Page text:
Two girders show up in our explanations: One view is adamant – each of us is the outcome from an uncompromising environment. Further, differences between any two of us are irrelevant, accidental noise that must be suppressed if it cannot be ignored. The second view, equally stubborn, recognizes that every living organism chooses and modifies its environment. True for coral, worms, crickets, spiders, and your children. It is also more true for conservatives than for liberals. Parents raise a child but in ways chosen by the child and by the time that child is eight years old, eighty-five percent of his world consists of his choices. He or she may “hear” mother’s lectures but only believes some of them and, systematically changes his or her core beliefs at different stages of life. Such changes unfold from within the individual.
1) Bill Gates, while a Harvard undergraduate, wrote software for a “Disk Operating System.” It became known as “DOS” and Bill took it with him when he left Harvard and went to Arizona to buy a Porsche and found Microsoft. Since he designed DOS with tools supplied by a federal grant, it can be argued that DOS was not his to take. Through luck and his competitor’s arrogance, IBM adopted DOS and paid Bill well. Bill, through cunning and quick wits designed a self-feeding, emergent system that could have been the uniform tool for making any computer run. Gates was, and is, an entrepreneur who now wants to install a “DOS” in every child. It’s called Common Core.
2) Steve Jobs designed a different system, based on adapting the software to the users’ characteristics. iPhones, MACS, and Apps now allow any user to build a system that matches his or her unique preferences whether for his cell phone, Internet browser, games, or camera.
3) Mr. Gates and his wife have contributed $200M to Common Core. Google and Yahoo have joined this funding effort and its UN sponsors. The interest is in building a uniform, collectivist “consumer.” Everyone is programmed with equal skills and should attain – barring “accidental” quirks – the same outcomes. Inequality signals injustice.
In thirty-five years of clinical practice as a psychologist, I have never seen individualism defeated and have concluded that Steve Jobs was a greater friend of human nature than has been true for Mr. Gates.
My own life obeyed a succession of clocks. I once was a mildly-hyperactive, attention-seeking bundle of twigs – an emotional clone of my insecure, skinny, quarrelsome mother.
I grew up in a time when every class day began with a prayer and the Pledge. In seventh grade, I spent prayer time looking around at the bowed heads. Although I respect, value, and frequently envy Christians, I, like one-third of the population and despite the determination of a half-dozen women who wanted to change me, remain an agnostic. I, however, still value the Pledge.
I left home when eighteen but still hear my father’s direction that I make a life better than his. After four-years of “liberal” honors courses, I discovered the very next summer that I was a conservative.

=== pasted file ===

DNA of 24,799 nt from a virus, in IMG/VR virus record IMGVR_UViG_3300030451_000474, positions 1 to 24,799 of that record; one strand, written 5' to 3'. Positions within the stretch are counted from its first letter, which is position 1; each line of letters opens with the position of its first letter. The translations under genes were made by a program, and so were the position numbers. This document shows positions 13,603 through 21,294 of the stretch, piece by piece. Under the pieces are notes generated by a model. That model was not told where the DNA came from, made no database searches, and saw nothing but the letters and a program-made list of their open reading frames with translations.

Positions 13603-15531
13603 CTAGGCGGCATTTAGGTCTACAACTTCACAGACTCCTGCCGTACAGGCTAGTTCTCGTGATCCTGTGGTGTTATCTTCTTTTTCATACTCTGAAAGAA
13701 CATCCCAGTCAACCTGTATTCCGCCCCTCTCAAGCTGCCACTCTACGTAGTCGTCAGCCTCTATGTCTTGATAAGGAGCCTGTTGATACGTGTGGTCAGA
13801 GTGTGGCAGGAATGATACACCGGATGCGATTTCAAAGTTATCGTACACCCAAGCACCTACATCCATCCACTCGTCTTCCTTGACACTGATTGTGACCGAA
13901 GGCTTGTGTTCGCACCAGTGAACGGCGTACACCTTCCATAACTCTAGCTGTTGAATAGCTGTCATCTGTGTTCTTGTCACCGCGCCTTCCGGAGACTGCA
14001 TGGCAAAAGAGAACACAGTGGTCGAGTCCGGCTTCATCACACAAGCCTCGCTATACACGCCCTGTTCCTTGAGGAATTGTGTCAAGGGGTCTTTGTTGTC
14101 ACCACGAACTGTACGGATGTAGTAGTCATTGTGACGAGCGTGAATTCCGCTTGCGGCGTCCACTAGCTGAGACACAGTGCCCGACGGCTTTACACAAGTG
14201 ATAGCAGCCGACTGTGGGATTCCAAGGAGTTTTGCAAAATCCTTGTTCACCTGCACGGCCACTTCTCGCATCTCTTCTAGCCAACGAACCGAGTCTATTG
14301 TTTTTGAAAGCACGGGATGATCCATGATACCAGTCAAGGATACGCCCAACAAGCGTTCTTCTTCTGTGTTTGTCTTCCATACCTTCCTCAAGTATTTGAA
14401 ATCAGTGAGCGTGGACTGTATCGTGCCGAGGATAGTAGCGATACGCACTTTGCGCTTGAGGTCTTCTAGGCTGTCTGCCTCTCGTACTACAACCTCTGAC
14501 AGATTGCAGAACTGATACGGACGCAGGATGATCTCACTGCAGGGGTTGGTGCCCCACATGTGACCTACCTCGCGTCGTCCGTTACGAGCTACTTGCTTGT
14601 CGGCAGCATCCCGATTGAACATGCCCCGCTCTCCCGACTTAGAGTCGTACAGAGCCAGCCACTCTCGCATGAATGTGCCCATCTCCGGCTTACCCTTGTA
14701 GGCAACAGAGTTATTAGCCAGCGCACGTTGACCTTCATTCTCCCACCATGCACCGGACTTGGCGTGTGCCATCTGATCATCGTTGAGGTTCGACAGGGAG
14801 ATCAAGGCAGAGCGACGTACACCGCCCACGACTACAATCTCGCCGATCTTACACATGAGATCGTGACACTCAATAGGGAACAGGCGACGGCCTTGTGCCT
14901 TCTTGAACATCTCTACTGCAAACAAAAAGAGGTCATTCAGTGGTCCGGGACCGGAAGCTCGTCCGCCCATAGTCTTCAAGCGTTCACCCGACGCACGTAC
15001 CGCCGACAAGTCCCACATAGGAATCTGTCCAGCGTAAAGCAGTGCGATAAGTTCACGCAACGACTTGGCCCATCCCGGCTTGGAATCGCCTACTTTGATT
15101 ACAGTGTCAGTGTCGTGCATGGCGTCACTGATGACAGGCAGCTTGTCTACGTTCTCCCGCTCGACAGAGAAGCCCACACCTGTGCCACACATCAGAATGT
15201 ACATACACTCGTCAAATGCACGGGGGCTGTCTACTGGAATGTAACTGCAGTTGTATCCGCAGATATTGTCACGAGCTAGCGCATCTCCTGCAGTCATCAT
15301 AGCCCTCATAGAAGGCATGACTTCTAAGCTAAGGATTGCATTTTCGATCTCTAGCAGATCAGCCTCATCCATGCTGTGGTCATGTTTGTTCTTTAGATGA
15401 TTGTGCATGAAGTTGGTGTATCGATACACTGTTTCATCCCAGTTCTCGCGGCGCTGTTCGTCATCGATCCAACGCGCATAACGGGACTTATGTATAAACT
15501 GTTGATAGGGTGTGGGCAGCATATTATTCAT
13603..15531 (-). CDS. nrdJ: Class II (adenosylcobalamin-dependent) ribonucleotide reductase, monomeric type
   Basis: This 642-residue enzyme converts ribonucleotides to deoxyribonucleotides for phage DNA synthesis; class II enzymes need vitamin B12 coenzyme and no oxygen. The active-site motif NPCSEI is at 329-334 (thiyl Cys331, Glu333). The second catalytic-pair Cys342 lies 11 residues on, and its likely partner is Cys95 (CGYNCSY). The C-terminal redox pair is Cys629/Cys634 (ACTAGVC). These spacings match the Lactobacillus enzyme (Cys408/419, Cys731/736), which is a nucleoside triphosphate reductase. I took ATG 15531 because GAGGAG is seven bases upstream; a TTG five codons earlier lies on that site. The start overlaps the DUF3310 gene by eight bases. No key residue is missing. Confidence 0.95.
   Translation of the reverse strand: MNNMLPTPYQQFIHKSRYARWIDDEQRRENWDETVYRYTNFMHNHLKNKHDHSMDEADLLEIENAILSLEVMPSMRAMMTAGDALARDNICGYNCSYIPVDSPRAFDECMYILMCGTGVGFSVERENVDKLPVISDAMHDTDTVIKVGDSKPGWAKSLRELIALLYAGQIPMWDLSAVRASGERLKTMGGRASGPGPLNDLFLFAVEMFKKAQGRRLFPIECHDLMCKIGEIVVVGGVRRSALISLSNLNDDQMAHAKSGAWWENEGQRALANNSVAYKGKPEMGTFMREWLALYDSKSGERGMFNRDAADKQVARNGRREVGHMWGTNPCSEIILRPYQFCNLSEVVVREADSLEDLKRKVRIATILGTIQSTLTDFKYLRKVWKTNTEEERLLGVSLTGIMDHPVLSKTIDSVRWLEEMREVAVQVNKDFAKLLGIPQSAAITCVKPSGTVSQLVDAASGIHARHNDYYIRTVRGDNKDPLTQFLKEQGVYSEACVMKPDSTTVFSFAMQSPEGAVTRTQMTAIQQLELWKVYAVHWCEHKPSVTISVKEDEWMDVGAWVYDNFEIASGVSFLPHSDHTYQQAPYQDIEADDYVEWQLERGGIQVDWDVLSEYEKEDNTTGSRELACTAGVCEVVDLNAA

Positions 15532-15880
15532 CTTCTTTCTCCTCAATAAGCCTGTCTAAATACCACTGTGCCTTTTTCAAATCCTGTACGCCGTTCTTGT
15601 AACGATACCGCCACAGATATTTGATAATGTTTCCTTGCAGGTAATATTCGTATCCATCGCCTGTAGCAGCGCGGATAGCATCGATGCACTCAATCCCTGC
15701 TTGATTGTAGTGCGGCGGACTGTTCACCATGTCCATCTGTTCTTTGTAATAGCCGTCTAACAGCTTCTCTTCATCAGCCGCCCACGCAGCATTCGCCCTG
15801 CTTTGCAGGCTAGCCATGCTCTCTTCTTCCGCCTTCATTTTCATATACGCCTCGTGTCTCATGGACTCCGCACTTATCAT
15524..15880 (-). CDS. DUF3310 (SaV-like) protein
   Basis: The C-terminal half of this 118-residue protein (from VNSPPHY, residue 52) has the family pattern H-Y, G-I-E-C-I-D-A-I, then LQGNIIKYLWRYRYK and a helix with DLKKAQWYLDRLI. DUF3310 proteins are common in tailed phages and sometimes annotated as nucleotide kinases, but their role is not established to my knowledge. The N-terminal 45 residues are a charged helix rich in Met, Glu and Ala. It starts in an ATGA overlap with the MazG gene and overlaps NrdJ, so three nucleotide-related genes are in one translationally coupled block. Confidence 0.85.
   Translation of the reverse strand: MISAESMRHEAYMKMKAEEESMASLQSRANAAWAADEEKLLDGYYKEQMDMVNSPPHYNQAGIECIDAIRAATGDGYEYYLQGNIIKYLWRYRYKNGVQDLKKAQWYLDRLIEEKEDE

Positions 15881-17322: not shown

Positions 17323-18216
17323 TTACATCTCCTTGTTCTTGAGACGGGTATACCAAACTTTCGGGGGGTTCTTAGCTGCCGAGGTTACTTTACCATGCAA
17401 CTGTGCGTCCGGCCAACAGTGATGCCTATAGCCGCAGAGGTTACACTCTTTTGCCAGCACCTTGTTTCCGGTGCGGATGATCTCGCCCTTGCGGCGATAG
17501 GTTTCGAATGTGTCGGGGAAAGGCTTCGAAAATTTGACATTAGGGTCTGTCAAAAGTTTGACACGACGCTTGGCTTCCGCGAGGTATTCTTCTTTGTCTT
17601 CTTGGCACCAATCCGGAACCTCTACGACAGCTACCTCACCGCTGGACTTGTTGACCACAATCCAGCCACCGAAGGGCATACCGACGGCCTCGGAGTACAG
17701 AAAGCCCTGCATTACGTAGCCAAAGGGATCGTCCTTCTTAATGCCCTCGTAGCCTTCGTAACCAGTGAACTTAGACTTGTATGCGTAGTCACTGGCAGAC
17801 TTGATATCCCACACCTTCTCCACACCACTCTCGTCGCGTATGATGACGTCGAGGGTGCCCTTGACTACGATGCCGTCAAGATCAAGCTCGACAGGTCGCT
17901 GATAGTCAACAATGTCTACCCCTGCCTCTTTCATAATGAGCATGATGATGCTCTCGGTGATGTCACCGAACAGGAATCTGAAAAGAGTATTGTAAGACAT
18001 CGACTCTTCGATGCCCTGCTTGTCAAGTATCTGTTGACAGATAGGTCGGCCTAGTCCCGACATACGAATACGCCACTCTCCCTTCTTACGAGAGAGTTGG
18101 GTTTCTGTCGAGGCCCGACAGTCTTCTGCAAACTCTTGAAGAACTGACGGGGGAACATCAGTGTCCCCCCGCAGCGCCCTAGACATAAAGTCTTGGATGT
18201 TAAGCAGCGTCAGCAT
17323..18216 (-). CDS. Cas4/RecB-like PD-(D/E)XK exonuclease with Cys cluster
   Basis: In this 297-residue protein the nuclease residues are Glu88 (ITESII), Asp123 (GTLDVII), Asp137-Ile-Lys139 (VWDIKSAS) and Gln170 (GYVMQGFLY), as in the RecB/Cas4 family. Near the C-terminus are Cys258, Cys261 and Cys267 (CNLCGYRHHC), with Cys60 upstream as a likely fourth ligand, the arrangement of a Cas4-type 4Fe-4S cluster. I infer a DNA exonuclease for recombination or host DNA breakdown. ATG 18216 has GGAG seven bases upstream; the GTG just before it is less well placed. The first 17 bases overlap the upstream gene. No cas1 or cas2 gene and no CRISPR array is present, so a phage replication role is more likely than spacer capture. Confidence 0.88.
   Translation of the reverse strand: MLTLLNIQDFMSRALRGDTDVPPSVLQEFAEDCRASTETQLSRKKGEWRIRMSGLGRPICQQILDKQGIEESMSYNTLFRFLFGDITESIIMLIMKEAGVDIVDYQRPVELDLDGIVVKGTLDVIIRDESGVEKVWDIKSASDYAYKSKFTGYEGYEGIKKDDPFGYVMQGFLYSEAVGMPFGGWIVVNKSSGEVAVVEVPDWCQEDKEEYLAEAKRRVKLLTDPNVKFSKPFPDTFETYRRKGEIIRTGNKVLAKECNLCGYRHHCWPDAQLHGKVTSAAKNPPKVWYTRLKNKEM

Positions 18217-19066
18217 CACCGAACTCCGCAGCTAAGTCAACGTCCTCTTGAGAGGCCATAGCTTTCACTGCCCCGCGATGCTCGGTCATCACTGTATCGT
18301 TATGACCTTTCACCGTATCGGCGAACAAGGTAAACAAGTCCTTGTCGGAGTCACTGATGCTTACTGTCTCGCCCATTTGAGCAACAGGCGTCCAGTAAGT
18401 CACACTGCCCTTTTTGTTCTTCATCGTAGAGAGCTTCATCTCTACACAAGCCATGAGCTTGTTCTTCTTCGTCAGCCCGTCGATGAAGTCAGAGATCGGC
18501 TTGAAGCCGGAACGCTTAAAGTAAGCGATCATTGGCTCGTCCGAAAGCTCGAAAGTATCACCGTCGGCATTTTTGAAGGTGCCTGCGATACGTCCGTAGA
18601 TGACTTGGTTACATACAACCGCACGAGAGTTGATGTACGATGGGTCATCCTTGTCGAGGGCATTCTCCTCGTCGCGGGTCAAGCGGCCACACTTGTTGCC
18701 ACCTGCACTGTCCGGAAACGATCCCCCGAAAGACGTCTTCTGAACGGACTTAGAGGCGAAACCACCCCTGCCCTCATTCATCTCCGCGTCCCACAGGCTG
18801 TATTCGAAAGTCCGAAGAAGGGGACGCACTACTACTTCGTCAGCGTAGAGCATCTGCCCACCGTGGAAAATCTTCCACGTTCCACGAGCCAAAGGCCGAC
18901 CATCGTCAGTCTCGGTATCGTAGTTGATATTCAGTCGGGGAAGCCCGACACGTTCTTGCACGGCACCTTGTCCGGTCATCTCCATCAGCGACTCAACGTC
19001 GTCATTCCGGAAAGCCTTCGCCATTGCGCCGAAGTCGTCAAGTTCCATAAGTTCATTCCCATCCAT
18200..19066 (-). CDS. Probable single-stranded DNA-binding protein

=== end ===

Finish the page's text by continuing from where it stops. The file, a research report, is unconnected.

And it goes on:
I studied psychopharmacology at Pitt, defined the role of serotonin, published often with “individual” repeated-measures research, and later had an abortive post-doc in a nest of Yale liberals.
At thirty-five, I discovered that I had found myself: I worked for a state government, published training materials for staff, and had a meaningful life doing the same things that my father had done in his Army career.
Thus, I am confident of Mr. Gate’s failure but still let’s not do Core Curriculum to our kids . . . it’s a waste of our money and an abuse of their nature.
A Few References
And earlier version of this essay is at http://www.deadcatsandclippings.com/?p=2783
Isaacson, Walter (2013) Steve Jobs. NY: Simon & Schuster.
Wallace, James & Jim Erickson (1992) Bill Gates and the Making of the Microsoft Empire. NY: Wiley.
Eaves, Lindon, Martin, Nick, & Heath, A. (1990) Religious affiliation in twins and their parents: Testing a model of cultural inheritance. Behavior Genetics, 20, 1-22.
Eaves, Lindon, Heath A, Martin N, Maesi H, Neale, M, Kendler K, Kirk K, & Corey L (1999) Comparing the biological and cultural inheritance of personality and social attitudes in the Virginia 30 000 study of twins and their relatives. Twin Research. 2: 62–80.
Murray, Charles (2008) Real Education: Four Simple Truths for Bringing America’s Schools Back to Reality. NY: Crown.
Murray, Charles (2012) Coming Apart: The State of White America. NY: Random House.
Murray, Charles (2013) American Exceptionalism: An Experiment in History. Washington, DC: American Enterprise Institute. (8/2/13)
Plomin, R. (1994) Genetics and Experience: The Interplay between Nature and Nurture. Thousand Oaks, CA: Sage.
Rowe, D. (2002) Biology and Crime. Los Angeles, CA: Roxbury.
Rushton, JP & Jensen, AR (2005) “Thirty years of research on race differences in cognitive ability.” In Jane Goodman-Delahunty (Ed.) Psychology, Public Policy, & Law. 11(2): 235-294.
Turner, J. Scott (2000) Extended Organism: The Physiology of Animal-Built Structures. Cambridge, MA: Harvard University Press.